AEI college affordability event showcases Vanderbilt professor’s work on the importance of accessible student loans

AEI resident scholar Jason Delisle discusses higher education costs and accessibility with Vanderbilt economics professor Lesley Turner.

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Robert Gottschalk

Pictured from left to right: Bing Chen, Dr. Lesley Turner, Jason Delisle, Jacob Schroeder, Joseph Humphries, and Joshua Higgs after the AEI discussion on Thursday night.

Robert Gottschalk

Vanderbilt’s American Enterprise Institute (AEI) chapter sponsored a discussion Thursday, Feb. 13 on higher education equity and affordability with AEI Research Scholar Jason Delisle and Vanderbilt Economics professor Lesley Turner. The discussion was moderated by sophomore Jacob Schroeder, chair of the AEI Executive Council at Vanderbilt. 

The discussion began by focusing on larger trends in higher education before offering potential remedies to the student loan crisis. Normally, Vanderbilt’s AEI executive council hosts foreign policy discussions, reflective of AEI’s presence as a national think tank with interests in a wide range of policy issues. However, Thursday night was different, as experts focused instead on education policy. 

“With the campaigns going on right now, it’s something that a lot of people think is a great selling point, and we wanted to get into the nuts and bolts of it,” Schroeder said. 

The discussion began with panelists laying out the fundamentals of higher education policy before delving into some of the specifics, with Turner first focusing on the effectiveness of money spent on education. 

 As the discussion transitioned into the student loan territory, Delisle said that the federal student loan program has been largely successful in the United States, with the vast majority of people repaying their loans. This provided an opportunity for Delisle to cover some of the Democratic primary candidates’ debt forgiveness plans. 

“There’s an incredible arbitrariness to forgiving all student debt, no matter how you look at it,” Delisle said.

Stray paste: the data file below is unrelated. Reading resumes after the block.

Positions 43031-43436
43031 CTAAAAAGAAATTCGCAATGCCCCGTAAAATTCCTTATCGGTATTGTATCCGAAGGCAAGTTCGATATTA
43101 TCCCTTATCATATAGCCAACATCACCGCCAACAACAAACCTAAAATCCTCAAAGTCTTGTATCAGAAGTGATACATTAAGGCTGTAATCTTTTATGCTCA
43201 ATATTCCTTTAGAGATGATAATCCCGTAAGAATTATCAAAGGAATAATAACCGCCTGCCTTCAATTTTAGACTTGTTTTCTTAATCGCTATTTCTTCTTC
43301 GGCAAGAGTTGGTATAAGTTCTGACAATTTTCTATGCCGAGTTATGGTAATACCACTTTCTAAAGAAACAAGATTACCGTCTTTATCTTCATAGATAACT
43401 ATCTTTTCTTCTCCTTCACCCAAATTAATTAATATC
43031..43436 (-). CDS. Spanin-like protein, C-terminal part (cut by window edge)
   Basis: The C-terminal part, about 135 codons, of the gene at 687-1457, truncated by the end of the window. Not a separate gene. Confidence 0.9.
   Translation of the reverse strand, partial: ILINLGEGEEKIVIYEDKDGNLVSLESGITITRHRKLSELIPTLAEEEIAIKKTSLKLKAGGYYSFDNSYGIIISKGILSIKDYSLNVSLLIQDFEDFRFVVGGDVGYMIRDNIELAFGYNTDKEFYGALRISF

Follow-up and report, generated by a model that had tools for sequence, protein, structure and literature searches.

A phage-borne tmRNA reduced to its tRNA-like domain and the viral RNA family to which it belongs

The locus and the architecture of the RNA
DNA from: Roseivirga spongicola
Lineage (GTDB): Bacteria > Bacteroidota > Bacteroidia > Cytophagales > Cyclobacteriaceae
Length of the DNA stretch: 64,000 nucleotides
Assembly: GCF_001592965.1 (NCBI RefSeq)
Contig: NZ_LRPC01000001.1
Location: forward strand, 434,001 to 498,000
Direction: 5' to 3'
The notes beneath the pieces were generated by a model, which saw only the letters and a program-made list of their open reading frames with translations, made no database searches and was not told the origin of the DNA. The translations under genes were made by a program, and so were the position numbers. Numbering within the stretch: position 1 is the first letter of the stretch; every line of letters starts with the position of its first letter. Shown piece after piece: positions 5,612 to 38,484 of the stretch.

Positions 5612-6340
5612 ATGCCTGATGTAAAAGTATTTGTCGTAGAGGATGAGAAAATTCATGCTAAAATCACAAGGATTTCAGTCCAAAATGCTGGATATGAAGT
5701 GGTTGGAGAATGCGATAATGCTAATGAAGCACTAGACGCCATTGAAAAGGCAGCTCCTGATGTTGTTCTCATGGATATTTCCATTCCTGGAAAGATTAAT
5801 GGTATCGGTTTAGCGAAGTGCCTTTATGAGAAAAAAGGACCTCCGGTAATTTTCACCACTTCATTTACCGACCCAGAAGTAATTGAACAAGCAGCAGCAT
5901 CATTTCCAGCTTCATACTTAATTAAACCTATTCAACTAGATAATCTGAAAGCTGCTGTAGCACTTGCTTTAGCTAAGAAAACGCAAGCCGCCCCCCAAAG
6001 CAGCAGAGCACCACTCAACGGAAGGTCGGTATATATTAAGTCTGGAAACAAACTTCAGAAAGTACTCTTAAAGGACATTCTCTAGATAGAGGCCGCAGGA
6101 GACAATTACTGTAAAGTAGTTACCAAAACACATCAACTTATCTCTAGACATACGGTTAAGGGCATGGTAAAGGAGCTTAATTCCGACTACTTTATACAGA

The discussion then shifted to Turner’s work on the effect that access to student loans has on educational progression and achievement.

Turner’s study focused on how a $4,000 loan would impact the educational achievement of students. The study had two groups of students from similar backgrounds: the first had access to loans while the second did not. It found that the loan allowed the student to take more classes and do better in those classes. For community college students—many of who work upwards of 40 hours a week—loans enabled students to devote more time to school, assuming the loan repayment options are feasible. 

For both panelists, loan repayment remained one of the central issues surrounding access to higher education, with untenable loan repayment structures lying at the roots of the student loan crisis. Turner said the best option is income-based loan repayment systems, which ensure borrowers never pay more than 10 to 15 percent of their discretionary income and forgive debt after 20 years.

“A lot of the problems we have around the student loan crisis and really bad outcomes could be solved by making these repayment set of options better,” Turner said.

Delisle said that loan repayment structures in countries such as the UK and Australia employ income-contingent loans, which are paid as a surcharge on taxes. However, he said these countries also have a tax infrastructure that is compatible with these loans. 

“I’ve spent a lot of time trying to figure out if you could do that here, and you could, it would just be messy,” Delisle said